A strange mosasaur fossil that was recently unearthed in Japan is shedding new light on how this swimming lizard hunted along the way to colonizing the northern hemisphere. In fact, it used binocular vision powered by extra photoreceptors that detected light for night hunting glowing fish and squid.
An international team of researchers led by Takuya Konishi, a University of Cincinnati assistant professor of biological sciences, discovered the 72-million-year-old marine reptile fossil (Phosphorosaurus ponpetelegans) that fills in a biogeographical gap between the Middle East and the eastern Pacific, according to a news release.
"Previous discoveries of this particular rare mosasaur have occurred along the East Coast of North America, the Pacific Coast of North America, Europe and North Africa, but this is the first to fill the gap between the Middle East and the Eastern Pacific," Konishi said in the release.
Compared their larger cousins that could grow to lengths of 40 feet, this species was relatively small and could only grow 10 feet long. Furthermore, the rare mosasur fossils were so well-preserved that researchers were able to locate very large eye sockets on the front of it's face, suggesting it has binocular vision and depth perception like humans – an eye structure not observed in their larger cousins, whose eyes were positioned on each side of the head.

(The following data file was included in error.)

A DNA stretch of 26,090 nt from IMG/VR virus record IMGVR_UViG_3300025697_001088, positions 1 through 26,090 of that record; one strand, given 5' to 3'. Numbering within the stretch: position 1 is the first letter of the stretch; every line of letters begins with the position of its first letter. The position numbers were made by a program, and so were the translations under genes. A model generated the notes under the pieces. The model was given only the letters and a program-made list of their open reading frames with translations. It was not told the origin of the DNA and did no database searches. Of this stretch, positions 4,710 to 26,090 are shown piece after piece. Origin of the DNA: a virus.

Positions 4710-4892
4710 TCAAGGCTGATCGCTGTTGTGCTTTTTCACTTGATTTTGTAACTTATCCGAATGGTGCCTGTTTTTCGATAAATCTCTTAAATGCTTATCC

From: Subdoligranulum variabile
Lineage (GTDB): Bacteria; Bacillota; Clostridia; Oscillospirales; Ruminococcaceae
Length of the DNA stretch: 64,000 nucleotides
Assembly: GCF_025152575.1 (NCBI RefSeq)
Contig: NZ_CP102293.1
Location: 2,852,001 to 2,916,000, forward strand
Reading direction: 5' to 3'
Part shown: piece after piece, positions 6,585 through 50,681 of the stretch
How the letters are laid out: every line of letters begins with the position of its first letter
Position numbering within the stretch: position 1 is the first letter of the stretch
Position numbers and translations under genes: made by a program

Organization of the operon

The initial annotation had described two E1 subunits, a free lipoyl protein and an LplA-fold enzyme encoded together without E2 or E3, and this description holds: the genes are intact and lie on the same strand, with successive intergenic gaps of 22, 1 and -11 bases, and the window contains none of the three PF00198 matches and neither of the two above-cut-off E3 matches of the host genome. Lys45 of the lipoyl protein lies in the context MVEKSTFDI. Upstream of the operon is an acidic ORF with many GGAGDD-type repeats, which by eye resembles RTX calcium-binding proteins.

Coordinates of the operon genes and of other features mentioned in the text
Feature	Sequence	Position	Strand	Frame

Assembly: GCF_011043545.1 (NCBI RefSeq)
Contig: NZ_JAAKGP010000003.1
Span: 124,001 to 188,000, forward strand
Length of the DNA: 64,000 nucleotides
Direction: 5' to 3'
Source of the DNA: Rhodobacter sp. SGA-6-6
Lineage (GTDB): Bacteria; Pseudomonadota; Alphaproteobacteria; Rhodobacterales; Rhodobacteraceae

"The forward-facing eyes on Phosphorosaurus provide depth perception to vision, and it's common in birds of prey and other predatory mammals that dwell among us today," Konishi added in the university's release. "But we knew already that most mosasaurs were pursuit predators based on what we know they preyed upon - swimming animals. Paradoxically, these small mosasaurs like Phosphorosaurus were not as adept swimmers as their larger contemporaries because their flippers and tailfins weren't as well developed."
All of this proves that these smaller marine reptiles had very large binocular eyes to power extra photoreceptors needed to detect light at night when they hunted. In contrast, their larger relatives had big heads and bodies shaped to enhance streamlined swimming after prey during the day.
"If this new mosasaur was a sit-and-wait hunter in the darkness of the sea and able to detect the light of these other animals, that would have been the perfect niche to coexist with the more established mosasaurs," Konishi concluded.
Their findings were recently published in the Journal of Systematic Palaeontology, a publication of the Natural History Museum in London.
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